Bonefish Tournaments, Oxygenated Livewells

WEBSITE UPDATED             Tuesday  February 21, 2022    

LIVEWELL HYPOXIA (LACK OF OXYGEN IN LIVEWELL/BAIT TANK WATER) WILL SUFFOCATE, KILL   BONEFISH TRANSPORTED IN LIVEWELLS IN SUMMER TOURNAMENTS. THE OXYGEN EDGE™ INSURES OPTIMAL SAFE, CONTINUOUS OXYGENATION ALL DAY, BONEFISH CONSERVATION IS IMPORTANT. JUST DIAL IN THE CORRECT DOSE OF PURE OXYGEN BASES ON THE STOCKING DENSITY AND PREVENT LIVEWELL SUFFOCATION, HYPOXIA AND HIGH SUMMER TRANSPORT MORTALITY/MORBIDITY.

FACT: WINNING BONEFISH TOURNAMENT MONEY, PRIZE IS THE PROMARY GOAL. IF 1 BONEFISH DIES IN YOUR LIVEWELL Or THE WEIGHMASTER JUDGES YOUR FISH DEAD IN SUMMER TOURNAMENTS, YOU WILL LOSE THE MONEY, PRIZE. THAT IS A FACT

Tournament bonefish angled in summer tournaments need safe continuous safe oxygenation continuously in closed boat livewells in the summer. Without enough dissolved oxygen provided continuously in livewell transport water. Insuring safe, continuous oxygenation during live transport IS always the contestant’s responsibility. Suffocation, hypoxia, hypoxic stress, high summer mortality and morbidity is imminent and predictable in most summer tournaments… count on it.

FACT: Many tournament anglers turn off their livewell water pumps/aerators when fishing shallow flats because electric pumps make too much noise and bonefish spook easily. When the livewell water pumps are turned off, the livewell oxygen saturation can fall quickly to dangerously low hypoxic levels resulting in additional transport stress. Hypoxia is the most serious stressor for tournament fish being transported all day in boat livewells.

Dissolved oxygen saturation (DO Sat) levels in livewells often falls to dangerously low levels when anglers turn off livewell water pumps and aerators. There’s no fresh water pumped into the livewell continuously for long periods of time in the flats as fish consume available oxygen and excrete CO2 that increases acid concentrations in livewell water.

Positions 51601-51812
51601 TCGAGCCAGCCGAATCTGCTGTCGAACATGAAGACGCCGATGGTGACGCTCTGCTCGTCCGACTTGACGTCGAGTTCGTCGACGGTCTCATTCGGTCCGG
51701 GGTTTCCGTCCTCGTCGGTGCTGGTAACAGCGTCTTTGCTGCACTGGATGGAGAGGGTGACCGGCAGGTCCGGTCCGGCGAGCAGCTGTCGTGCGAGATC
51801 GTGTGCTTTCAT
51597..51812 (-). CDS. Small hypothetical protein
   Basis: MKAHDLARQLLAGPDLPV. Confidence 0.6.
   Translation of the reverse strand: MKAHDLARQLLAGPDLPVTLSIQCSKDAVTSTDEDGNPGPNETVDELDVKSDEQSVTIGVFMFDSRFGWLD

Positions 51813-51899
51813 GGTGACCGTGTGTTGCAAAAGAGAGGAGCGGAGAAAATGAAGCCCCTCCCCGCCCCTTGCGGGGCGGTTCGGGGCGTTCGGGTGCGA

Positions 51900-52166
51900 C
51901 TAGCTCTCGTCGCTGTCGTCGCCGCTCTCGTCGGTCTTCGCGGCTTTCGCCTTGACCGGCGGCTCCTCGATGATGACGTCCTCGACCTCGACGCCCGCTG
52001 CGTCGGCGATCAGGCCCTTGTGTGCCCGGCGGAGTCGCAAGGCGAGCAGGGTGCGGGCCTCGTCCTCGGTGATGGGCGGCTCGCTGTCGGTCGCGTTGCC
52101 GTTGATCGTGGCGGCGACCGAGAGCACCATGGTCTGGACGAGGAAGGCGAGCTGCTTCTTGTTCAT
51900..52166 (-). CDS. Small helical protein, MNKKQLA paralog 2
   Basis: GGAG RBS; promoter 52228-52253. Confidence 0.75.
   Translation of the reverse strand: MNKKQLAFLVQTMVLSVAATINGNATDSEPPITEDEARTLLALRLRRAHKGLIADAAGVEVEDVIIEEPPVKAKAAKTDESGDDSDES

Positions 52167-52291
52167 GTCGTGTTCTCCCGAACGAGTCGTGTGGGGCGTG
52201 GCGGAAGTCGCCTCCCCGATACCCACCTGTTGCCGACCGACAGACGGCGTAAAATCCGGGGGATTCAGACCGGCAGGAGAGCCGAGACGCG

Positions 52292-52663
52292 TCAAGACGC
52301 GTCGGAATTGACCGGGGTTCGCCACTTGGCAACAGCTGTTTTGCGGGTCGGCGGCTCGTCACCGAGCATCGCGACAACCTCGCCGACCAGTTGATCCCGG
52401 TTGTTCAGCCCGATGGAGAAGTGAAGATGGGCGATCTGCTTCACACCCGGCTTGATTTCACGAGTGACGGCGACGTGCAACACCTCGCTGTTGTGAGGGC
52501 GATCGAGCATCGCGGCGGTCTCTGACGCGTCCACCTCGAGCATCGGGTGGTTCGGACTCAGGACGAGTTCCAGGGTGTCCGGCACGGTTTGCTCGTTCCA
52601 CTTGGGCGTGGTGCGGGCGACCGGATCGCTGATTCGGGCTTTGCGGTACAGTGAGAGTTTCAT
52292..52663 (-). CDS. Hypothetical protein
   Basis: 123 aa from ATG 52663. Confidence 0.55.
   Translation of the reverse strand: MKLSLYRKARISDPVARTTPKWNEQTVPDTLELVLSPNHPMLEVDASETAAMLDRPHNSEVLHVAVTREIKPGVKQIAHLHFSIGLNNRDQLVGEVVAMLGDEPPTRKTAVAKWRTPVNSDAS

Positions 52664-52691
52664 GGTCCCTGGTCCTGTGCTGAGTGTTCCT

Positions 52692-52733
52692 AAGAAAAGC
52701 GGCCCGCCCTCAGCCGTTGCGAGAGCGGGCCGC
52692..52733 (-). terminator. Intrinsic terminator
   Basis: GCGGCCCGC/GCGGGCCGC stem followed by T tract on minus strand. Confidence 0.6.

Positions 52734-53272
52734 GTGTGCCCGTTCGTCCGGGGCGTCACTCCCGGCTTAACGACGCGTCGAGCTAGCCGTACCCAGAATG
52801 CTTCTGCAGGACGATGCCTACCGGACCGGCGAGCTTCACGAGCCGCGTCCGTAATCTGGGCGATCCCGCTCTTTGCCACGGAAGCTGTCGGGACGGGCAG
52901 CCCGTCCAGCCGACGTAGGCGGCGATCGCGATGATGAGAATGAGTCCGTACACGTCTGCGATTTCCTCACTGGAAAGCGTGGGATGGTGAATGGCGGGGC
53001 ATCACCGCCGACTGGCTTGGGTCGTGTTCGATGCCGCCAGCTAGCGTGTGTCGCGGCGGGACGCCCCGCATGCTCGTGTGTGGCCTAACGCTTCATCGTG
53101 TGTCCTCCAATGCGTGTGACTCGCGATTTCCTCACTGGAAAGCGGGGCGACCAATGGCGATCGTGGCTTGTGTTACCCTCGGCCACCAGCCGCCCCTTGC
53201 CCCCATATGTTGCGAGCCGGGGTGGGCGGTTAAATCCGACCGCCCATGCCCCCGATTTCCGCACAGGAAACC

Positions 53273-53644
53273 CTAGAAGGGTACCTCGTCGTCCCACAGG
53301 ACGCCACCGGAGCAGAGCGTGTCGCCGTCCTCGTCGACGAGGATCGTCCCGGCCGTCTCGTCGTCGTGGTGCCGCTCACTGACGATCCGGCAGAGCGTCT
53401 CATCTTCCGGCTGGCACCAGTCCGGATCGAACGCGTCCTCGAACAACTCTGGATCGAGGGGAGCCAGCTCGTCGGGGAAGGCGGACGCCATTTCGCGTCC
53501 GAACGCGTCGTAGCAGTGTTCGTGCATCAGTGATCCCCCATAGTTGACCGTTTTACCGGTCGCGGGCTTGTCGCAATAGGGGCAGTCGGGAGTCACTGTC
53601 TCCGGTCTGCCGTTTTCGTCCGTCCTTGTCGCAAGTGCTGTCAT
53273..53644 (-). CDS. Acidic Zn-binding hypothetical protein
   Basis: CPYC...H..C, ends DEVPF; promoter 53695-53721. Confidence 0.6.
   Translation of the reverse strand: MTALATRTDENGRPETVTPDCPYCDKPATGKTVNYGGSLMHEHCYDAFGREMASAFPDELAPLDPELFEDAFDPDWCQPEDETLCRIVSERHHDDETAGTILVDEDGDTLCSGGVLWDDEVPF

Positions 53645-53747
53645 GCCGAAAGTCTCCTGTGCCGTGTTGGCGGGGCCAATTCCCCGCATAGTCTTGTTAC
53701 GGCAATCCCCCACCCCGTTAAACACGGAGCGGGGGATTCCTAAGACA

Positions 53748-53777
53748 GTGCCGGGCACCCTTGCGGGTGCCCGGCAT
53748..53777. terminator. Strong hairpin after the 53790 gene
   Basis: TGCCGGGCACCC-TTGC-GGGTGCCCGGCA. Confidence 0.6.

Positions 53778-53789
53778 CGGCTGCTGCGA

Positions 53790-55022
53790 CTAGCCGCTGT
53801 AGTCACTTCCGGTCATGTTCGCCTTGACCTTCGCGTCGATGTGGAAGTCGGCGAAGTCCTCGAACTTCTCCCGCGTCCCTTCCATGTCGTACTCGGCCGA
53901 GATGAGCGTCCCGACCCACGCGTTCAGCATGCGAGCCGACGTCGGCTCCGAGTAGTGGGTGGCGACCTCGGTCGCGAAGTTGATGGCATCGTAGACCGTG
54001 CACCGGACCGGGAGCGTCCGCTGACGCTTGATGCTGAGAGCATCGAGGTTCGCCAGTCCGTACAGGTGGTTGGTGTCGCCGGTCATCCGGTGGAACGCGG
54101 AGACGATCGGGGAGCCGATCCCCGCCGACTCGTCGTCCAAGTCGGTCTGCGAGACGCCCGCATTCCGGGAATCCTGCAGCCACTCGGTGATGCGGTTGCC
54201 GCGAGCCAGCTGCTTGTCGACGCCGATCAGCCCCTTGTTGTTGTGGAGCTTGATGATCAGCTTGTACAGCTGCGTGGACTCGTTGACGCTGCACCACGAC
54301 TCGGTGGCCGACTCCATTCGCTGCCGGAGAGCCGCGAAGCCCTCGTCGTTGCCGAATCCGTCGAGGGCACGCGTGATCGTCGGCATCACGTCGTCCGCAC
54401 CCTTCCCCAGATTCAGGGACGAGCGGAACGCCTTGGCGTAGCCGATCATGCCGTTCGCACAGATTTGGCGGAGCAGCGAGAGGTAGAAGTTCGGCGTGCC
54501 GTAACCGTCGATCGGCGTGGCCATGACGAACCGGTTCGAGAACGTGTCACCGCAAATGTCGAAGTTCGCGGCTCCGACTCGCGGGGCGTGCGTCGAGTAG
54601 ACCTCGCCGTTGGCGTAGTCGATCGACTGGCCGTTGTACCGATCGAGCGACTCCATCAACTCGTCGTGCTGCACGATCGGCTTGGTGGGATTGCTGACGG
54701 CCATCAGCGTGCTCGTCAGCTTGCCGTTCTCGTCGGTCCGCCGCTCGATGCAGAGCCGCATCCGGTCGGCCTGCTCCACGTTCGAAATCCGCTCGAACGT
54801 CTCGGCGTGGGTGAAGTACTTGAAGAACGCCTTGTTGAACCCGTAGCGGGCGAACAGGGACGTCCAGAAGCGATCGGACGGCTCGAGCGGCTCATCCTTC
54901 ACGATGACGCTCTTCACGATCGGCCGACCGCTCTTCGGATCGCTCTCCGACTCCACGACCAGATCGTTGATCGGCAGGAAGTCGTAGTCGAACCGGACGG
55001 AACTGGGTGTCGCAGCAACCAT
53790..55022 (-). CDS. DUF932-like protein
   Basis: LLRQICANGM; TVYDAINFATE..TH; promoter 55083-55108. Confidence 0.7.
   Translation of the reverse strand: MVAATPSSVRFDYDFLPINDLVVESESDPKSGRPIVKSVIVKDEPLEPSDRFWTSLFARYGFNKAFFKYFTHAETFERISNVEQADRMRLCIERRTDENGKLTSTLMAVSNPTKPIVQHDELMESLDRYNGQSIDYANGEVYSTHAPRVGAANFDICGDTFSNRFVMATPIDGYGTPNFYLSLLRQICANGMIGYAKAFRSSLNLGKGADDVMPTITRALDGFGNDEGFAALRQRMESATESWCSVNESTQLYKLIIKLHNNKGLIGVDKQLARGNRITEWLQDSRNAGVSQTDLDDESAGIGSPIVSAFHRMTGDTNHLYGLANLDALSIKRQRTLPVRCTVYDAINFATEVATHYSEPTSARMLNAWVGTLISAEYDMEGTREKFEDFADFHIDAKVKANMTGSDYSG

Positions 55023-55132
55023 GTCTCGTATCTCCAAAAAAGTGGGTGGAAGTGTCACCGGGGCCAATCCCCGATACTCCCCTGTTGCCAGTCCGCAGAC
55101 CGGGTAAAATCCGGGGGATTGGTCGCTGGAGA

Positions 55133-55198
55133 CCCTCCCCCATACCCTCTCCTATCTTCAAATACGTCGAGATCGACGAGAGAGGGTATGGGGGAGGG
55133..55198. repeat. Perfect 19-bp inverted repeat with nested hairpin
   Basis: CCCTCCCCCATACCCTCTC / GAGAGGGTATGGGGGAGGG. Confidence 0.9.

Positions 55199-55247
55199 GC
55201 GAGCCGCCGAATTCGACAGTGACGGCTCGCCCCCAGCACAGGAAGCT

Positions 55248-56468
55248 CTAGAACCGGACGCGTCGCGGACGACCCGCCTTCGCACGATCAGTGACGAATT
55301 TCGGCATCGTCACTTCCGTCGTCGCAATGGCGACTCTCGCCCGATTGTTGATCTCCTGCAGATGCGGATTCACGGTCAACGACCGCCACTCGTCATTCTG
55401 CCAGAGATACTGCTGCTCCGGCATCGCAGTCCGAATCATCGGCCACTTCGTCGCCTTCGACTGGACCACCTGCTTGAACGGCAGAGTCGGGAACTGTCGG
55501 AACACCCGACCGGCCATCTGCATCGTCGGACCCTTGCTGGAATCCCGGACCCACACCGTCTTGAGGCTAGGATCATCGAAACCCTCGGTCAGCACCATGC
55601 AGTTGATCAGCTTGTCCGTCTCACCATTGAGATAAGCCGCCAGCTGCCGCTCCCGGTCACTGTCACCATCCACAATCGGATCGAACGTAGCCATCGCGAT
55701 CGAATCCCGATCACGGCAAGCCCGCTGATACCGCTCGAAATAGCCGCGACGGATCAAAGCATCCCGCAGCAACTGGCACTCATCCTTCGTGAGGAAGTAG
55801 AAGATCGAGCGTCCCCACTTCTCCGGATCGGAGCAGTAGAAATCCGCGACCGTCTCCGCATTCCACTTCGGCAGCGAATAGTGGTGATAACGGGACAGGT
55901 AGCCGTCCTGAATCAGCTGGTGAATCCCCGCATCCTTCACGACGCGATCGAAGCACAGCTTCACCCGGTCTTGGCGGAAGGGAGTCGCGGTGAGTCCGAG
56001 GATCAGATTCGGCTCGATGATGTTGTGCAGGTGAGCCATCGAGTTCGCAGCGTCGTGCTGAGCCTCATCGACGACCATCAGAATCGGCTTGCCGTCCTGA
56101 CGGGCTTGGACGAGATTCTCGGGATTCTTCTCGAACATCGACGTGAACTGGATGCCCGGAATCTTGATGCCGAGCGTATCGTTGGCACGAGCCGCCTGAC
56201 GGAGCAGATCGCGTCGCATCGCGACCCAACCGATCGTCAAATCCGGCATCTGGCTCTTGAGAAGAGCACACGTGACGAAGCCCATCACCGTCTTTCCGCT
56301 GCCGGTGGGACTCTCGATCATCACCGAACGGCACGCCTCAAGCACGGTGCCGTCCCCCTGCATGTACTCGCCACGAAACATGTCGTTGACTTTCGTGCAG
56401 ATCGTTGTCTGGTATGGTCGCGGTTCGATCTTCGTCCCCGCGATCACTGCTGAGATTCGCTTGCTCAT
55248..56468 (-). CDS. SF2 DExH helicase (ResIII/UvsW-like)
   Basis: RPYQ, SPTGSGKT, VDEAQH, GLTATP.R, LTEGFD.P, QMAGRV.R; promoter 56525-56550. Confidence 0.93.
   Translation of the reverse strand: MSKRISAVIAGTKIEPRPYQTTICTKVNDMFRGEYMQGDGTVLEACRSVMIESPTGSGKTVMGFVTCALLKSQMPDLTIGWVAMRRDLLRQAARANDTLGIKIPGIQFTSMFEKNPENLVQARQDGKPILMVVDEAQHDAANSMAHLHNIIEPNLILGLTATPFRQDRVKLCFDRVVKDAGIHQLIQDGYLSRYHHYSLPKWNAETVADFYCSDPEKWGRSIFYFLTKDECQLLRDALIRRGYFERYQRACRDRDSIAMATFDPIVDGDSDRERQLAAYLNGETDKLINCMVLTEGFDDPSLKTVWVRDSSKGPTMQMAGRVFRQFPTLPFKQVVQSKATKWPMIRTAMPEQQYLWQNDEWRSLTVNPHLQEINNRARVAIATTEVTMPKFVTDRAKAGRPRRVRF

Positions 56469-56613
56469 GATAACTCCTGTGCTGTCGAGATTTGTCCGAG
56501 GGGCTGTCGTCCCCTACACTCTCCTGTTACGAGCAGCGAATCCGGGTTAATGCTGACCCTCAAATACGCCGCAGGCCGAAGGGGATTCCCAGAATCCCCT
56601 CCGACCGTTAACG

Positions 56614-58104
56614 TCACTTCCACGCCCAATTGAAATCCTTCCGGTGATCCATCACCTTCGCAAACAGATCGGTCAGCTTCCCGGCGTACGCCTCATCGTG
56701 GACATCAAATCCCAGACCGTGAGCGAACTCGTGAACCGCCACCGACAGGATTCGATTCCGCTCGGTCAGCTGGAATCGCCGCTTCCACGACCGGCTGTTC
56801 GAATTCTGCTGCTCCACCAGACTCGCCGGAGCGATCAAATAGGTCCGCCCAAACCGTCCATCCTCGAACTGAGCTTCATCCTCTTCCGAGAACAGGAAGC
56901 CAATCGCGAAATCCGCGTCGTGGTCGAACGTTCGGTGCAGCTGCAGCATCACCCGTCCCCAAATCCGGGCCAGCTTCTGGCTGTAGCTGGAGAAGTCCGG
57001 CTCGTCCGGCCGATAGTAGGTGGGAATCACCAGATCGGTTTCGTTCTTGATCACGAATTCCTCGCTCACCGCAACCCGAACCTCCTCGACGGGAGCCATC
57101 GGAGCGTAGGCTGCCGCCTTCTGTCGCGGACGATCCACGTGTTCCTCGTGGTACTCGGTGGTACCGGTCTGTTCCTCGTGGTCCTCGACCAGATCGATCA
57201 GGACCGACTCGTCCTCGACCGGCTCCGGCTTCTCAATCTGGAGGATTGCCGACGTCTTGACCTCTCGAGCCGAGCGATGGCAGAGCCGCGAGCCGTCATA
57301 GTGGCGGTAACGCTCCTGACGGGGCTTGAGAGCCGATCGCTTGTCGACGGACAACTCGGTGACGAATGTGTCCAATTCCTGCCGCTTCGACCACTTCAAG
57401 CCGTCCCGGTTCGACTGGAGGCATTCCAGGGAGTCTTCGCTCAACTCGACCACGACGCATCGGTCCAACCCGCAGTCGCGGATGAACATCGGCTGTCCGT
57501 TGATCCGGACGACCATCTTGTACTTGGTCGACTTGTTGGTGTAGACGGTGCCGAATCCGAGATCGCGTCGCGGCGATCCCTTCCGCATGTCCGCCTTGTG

FACT: Most tournament fishermen that do turn off their noisy livewell pumps when fishing shallow water flats do worry continuously about the negative effects of low oxygen levels in livewells, dying and dead fish and the dead fish penalties in every summer C&R tournament.

FACT: When the livewell pumps/aerators are not humming, the fishermen’s stress always increases. That stress is constant and palpable, but not threatening … the captive bonefish transported in hypoxic livewells  experience far more stress than the fishermen, their stress is far more serious. Life-threatening stress, frank suffocation applied hour after hour coupled with other major stressors in summer live fish transports is deadly.

FACT: Administering an uncontrolled dose supplemental oxygen is not risk free. The dose of oxygen delivered into the livewell must be regulated and controlled by the fisherman. Providing too much oxygen may be as deadly as not providing enough oxygen all day in boat livewells for tournament Bones.

Of course, Bonefish need a steady supply of oxygen like all aerobic animals and will suffocate without enough oxygen like people. Hypoxic human neonates and a category of patients with advanced COPD need supplemental oxygen but giving them too much oxygen can suppress breathing resulting in hypoventilation, >PCO2 and respiratory acidosis.